Figure 5 shows how contacts change across age group and setting. Those aged between 30-39 and 50-59 reported an increase in overall contacts whereas all remaining age groups reported a decrease. Changes across the age groups are driven by contacts within the work place with the exception of the 18-29 age group, with their decrease driven by a reduction in contacts within the other setting.

Figure 5: Average (mean) contacts for each panel per day by setting for adults in Scotland, truncated to 100 contacts per participant (from SCS).
A series of line graphs showing mean adult contacts by setting and age group for panel A and panel B from December 2020 to October 2021.

The heatmaps in Figure 6 show the mean overall contacts between age groups for the weeks relating to 7th October - 13th October and 21st October - 27th October and the difference between these periods. Those aged between 18-29 have reported the biggest decrease in interactions with those aged under 18 in the last two weeks. The highest interactions remain between the 18-29 age group with each other.

Figure 6: Overall mean contacts by age group before for the weeks relating to 7th October - 13th October and 21st October - 27th October.
Heat maps showing the mean contacts by age group in the weeks beginning 7th October and 21st October.

As shown in Figure 7, the biggest differences are seen with those using public transport and also individuals visiting another’s home. The proportion of individuals using public transport increased from approximately 23% to 28% while individuals visiting another’s home rose from 44% to 48% in the last two weeks.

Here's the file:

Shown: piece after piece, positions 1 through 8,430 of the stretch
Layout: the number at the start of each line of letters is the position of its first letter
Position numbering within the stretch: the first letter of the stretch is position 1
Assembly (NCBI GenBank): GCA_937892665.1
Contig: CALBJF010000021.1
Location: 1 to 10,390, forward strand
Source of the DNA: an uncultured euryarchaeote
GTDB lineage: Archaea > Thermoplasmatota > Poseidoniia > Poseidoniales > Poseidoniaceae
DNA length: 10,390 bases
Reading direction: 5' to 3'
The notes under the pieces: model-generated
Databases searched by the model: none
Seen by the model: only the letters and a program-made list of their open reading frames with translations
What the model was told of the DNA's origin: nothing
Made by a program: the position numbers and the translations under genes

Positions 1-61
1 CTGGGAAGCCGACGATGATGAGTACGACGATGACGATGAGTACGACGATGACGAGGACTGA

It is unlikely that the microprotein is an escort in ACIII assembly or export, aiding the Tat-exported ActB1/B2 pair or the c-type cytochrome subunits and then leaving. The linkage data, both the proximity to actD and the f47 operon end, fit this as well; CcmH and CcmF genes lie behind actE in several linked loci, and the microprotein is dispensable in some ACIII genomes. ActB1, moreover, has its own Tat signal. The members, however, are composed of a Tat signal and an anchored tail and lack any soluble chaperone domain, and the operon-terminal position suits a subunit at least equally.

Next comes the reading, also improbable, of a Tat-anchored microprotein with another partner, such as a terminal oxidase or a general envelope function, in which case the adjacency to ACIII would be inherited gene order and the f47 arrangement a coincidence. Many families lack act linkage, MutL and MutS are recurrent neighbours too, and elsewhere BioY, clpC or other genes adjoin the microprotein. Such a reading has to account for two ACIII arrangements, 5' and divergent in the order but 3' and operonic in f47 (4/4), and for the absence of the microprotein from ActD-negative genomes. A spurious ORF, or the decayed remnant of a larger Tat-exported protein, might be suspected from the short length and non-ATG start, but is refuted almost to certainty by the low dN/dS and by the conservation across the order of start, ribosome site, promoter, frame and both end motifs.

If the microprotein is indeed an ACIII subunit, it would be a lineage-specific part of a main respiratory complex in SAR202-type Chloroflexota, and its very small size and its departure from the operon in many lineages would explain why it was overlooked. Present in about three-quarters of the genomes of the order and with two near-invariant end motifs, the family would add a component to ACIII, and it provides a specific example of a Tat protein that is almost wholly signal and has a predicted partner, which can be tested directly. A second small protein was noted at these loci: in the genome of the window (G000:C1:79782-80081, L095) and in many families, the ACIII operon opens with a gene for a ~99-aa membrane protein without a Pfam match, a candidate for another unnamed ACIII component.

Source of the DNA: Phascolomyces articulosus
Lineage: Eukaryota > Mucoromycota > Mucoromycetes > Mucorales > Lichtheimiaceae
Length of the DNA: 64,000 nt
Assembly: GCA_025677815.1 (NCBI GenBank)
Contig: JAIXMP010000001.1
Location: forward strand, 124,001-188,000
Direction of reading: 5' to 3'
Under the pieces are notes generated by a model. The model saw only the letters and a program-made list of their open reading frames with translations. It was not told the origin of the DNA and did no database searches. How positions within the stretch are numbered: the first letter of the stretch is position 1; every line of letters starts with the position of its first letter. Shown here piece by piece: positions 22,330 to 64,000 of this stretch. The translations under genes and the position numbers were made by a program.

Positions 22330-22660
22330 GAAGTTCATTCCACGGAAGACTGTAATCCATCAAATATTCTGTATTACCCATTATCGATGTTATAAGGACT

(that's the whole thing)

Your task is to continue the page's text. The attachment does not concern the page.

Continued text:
Figure 7: Locations visited by participants at least once for panel A and B (from SCS).
A series of line graphs showing locations visited by participants at least once for panel A and B in various settings.

Figure 8 shows the proportion of participants that reported contacts had indoors and outdoors for contacts individually reported for panel B. A contact can also be recorded as both indoor and outdoor. The proportion of contacts reported to have been indoors only has increased in the last two weeks from 66% to 69%.

Figure 8: Proportion of participants reported indoors and outdoors for contacts individually reported for panel B.
A line chart showing the proportion of participants reported indoors and outdoors for contacts individually reported for Panel A.

Figure 9 shows the number of people wearing a face covering where they have at least one contact outside of the home. This has increased in the last two weeks to 84% from 80%.

Figure 9: Proportion of adults wearing a face coverings over time (with at least one contact outside of the home).
A line chart showing the proportion of adults wearing a face covering over time (with at least one contact outside the home)

What we know about who is being admitted to hospital

The Early Pandemic Evaluation and Enhanced Surveillance of Covid-19 (EAVE 2) Study Group[5] has updated the pattern of demographics, deprivation, vaccine status and clinical risk groups over time for those who were admitted to hospital in Scotland (for further information see the Technical Annex in Issues 23 and 24 of these Research Findings). This update covers the demographics of emergency Covid-19 admissions to hospital in Scotland from 1st April 2021 to 25th October 2021.